Vulnerability of casual workers ‘never more apparent’
Does emergency legislation go far enough to protect casual workers’ physical and financial security?
Parisa Zangeneh: ‘the Government should implement a debt holiday for the full duration of the emergency period.’ Photograph: Brian Lawless/PA Wire
In the past few weeks, the world has seen a health crisis take root that is unlike anything we have experienced in our lifetime.
It will remind some of the HIV/AIDs scare of the 1980s and 1990s. Yet even HIV/AIDs did not require quarantining one third of the world’s population.
Many of those in casual work arrangements, also referred to as the “gig economy,” have experienced financial, emotional, and physical instability, the likes of which we have not seen since the economic crisis of 2008. Many are students.
The Emergency Measures in the Public Interest (Covid-19) Bill 2020 has now been signed into law by the President, but does it go far enough to protect casual workers’ physical and financial security?
It prohibits landlords from serving notices of termination and from increasing rents during the period of emergency.
However, it does not go far enough in my view to protect vulnerable workers whose positions have been terminated during this period. Nor does it go far enough to protect landlords and workers who have to pay mortgages to banks.
Additionally, individuals with parents and family members in care homes are still obliged to pay heavy fees to expensive facilities.
The Government should follow Italy’s direction.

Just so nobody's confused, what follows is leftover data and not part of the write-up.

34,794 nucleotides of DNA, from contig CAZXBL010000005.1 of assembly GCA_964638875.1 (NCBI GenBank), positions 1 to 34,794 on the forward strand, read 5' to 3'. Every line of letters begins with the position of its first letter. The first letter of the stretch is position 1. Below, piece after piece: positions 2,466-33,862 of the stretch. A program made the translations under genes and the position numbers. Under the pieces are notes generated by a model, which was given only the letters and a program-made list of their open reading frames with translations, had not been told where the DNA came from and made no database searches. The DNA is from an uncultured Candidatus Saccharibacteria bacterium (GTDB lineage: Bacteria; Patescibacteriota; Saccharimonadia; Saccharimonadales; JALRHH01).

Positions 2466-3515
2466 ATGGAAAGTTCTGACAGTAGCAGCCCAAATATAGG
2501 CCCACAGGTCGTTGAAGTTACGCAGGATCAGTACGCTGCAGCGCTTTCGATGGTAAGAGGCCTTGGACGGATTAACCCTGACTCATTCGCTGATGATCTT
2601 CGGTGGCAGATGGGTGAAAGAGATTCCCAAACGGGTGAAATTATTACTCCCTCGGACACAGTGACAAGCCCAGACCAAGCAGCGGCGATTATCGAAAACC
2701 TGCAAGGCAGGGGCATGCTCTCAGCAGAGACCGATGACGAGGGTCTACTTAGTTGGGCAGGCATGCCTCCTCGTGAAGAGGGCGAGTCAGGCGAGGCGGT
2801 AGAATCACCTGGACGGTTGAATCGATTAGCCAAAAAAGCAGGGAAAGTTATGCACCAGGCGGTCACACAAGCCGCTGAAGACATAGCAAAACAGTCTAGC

It should implement a debt holiday for the full duration of the emergency period.
This would entail prohibiting banks, landlords, and other places that offer people dwellings from collecting payment, which would provide a much-needed respite from the strain of the current hit to the economy. Moreover, it would aid people in avoiding something nobody needs right now: financial crisis.
Though the Emergency Measures Bill is a step in the right direction, the vulnerability of casual workers to the whims of the market has never been more apparent than right now.
Some - but not all - have the luxury of knowing that they can rely on their parents if they hit rock-bottom financially.
Their parents may be able to infuse some much-needed cash into their dwindling resources, or to offer a place to stay when students and others who may be hit by layoffs can’t honour their bills.
But this is a temporary solution to a larger problem: the lack of protection and job security that most casual workers have.
The precarious employment of low-wage, casual workers also highlights something that nobody wants to talk about: the class divide.
Many people, including students, are lucky to be able to work from home, but many who work in service industries cannot, while their employers can dispense of them as they wish.
In order to meet the needs of this segment of the Irish population, banks, landlords, and care homes should be prohibited from collecting mortgages, interest on mortgages, and rent until the health crisis is over.
This is the time to act for the greater good. Hopefully, society will wake up to realize that casual and low-income workers deserve as much job security and wage stability as anyone else, and hopefully they will realize it before the pandemic is over.
Parisa Zangeneh is a PhD student at NUI Galway.